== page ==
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“Navigable waters” is an awkward mouthful. Not a very sexy topic to the average layperson. But for some landowners and paddlers, them’s fighting words. Why? Because if a waterway is considered navigable, that comes with...
This summer, Paul Smith’s College and the East Shore Schroon Lake Association are working on a program aiming to control the spread of aquatic invasive species. Researchers are trying to see how effective it is to flush a boat’s...
Every so often some new sinkhole makes the news. This week the local hole worth knowing about opened up in West Quebec and closed Highway 148 between Luskville and Quyon. That got me poking around the Internet on the subject of sinkholes in...
Several converging experiences over the last week got me to thinking about the role predators play in the food chain and even, it turns out, on the shape of our landscape. It began with my hen house, led to the ridge at the top of my hay field, and...
This is the time of year when all manner of critters are out and about with their offspring. And most of us just go “Aww!” when the oh-so-cute babies go by. But it bears remembering that parents can be very protective. Wild or...

Environment
Jul 24, 2014 — So much of the food we eat these days is encased in plastic. And behind it is a whole lot of research and innovation. We dive into some of the materials that keep food fresh and portable.
Jul 23, 2014 — Operators of the Turkey Point nuclear plant near Miami have received federal permission to run their cooling system above the old 100 degree limit. The decision is meant to combat algae growth and rising temperature in cooling canals, but environmental groups in nearby Biscayne National Park are concerned.
Jul 23, 2014 — Dog owners don't doubt that their pooch has feelings. But scientists aren't so sure. An experiment found that dogs act upset, dare we say jealous, when their owners ignore them for a stuffed animal.


Consumer Consequences from APM: What would the world look like if everyone lived like you?
Ross Whaley
Ross Whaley

APA Chair Ross Whaley: Everyday Challenges, Future Visions

Ross Whaley came to the Adirondack Park Agency last September from the SUNY College of Environmental Science and Forestry in Syracuse. He was president at ESF for 16 years, and then was University Professor. As Professor, his interest was the political economy of sustainable development. As chairman of the Park Agency, that's still where his interest lies. But it's now focused on the 6 million-acre park, where he sees the potential for a model of environmental and economic symbiosis. Realizing the vision is largely in the future. Whaley told Martha Foley his first year has been taken up with learning the ropes, and responding to challenges he's inherited from the first 30 years of APA history.  Go to full article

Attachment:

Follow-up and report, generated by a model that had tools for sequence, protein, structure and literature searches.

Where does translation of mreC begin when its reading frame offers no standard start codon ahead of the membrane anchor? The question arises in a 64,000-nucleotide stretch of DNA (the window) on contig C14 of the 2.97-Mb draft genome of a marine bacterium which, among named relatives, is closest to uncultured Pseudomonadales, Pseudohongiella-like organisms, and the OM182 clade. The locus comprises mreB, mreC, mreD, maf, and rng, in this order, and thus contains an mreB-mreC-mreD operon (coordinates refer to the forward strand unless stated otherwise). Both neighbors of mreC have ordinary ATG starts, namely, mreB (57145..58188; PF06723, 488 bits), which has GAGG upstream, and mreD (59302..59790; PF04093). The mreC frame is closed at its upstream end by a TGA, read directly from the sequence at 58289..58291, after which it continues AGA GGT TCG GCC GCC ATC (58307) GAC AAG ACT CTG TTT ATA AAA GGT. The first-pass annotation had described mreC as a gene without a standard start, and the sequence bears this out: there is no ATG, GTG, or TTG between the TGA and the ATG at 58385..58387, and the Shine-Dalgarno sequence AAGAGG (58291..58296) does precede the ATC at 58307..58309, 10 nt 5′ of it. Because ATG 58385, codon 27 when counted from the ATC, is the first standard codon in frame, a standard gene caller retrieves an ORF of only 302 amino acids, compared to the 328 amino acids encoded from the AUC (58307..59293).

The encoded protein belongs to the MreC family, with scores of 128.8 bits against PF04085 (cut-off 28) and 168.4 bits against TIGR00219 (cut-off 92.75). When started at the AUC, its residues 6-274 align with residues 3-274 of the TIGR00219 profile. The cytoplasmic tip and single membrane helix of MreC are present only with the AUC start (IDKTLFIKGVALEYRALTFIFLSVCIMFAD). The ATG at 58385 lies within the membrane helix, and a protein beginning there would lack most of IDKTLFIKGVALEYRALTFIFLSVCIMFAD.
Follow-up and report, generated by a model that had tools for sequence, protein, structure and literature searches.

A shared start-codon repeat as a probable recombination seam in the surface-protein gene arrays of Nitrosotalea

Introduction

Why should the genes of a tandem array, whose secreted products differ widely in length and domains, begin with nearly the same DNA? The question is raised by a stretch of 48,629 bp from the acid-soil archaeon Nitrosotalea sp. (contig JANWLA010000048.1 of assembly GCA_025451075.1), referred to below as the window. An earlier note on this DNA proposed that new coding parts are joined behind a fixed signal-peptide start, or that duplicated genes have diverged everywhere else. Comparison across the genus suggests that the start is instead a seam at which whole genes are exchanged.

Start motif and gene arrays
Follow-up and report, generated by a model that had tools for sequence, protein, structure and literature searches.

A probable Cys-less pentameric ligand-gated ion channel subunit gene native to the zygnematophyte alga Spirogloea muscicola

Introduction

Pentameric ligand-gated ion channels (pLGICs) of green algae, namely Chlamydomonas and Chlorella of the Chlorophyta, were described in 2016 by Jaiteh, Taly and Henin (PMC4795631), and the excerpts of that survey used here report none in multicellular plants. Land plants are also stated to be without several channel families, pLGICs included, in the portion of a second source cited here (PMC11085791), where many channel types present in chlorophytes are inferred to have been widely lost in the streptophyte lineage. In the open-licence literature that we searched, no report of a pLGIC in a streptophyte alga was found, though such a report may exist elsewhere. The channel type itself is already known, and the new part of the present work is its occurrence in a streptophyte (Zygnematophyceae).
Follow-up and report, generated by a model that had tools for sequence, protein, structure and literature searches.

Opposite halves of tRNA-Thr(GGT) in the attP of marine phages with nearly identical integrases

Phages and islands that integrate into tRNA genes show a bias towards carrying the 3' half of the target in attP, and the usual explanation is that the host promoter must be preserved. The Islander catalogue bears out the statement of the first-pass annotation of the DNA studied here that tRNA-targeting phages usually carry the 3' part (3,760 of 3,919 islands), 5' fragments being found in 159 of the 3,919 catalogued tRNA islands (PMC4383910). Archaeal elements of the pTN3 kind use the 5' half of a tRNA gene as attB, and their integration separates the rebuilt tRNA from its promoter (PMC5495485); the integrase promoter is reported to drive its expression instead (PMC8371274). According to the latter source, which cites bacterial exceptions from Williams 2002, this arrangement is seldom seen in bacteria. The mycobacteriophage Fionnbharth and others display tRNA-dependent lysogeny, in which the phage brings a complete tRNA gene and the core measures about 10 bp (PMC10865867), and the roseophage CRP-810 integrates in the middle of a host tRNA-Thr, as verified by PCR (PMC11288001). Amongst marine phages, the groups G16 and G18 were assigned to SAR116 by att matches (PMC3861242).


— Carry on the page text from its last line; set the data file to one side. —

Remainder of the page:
Who Gets Great Lakes Water?

More cities and businesses outside the Great Lakes basin want to take water from the lakes. Great Lakes governors and provincial premiers announced proposed new rules this week that would control such water diversions. Some say there's a chance communities JUST outside the basin will get a break. The Great Lakes Radio Consortium's Chuck Quirmbach reports on one such case.  Go to full article
Purple Loosestrife

Looking to the Environment Beyond the Garden

Invasive species are a growing problem in the north country. From purple loosestrife to Eurasian watermilfoil, alien plants are reshaping the region's environment. Gardeners and fish tank owners have introduced many of the worst species, bringing them in as decorative plants. But as Brian Mann reports, some gardeners are working to educate themselves--and to fight for a tougher response to invasives.  Go to full article
Debbie Braeu's nursery and landscaping business sells native water lilies. They  encourage buying only native plants for water gardens. (Photo by Chris Julin)

Water Gardens a Route for New Invasives

You can hear frogs croaking and chirping in the middle of a city these days. You can see cattails and water lilies out your window even if you live nowhere near a lake. ...  Go to full article
Filmmaker Matt Heineman in his preferred form of transportation

"Rolling on the River" in a St. Lawrence Skiff

Summer in the Thousand Islands is filled with the sound of boats. The throaty rumble of a Gar Wood run-about, the roar of a cigarette boat, the throbbing diesels of a Seaway...  Go to full article

Hunters and Anglers Disagree With Bush Policies

A group that generally considers itself to be conservative disagrees with many of the Bush administration's policies on the environment. The Great Lakes Radio Consortium's...  Go to full article
An 8 week old bald eagle. Samples of feathers and blood are taken to check the bird's health. (Photo by Bob Kelleher)

Eagle Soaring Off Endangered Species List

The American Bald Eagle is expected to come off the endangered species list soon. Once a victim of hunting and pollution, the eagles are rebounding, but scientists say...  Go to full article
Photo by Nina Schoch

Annual Loon Census Begins Saturday Morning

This year's census of loons on lakes in and around the Adirondacks is Saturday morning. Volunteer observers are needed to record the number of adult loons, chicks, and...  Go to full article

New Fish Advisories in Adirondacks

The state health department yesterday issued new fish advisories for 10 Adirondack lakes and ponds due to mercury contamination. 20 other lakes and ponds in the park already...  Go to full article

To Bag or Not to Bag Grass Clippings

At one point or another, most of us have had to do yard work. If it was one of your chores as a kid, you probably developed a strong aversion to it. But as we settle into...  Go to full article

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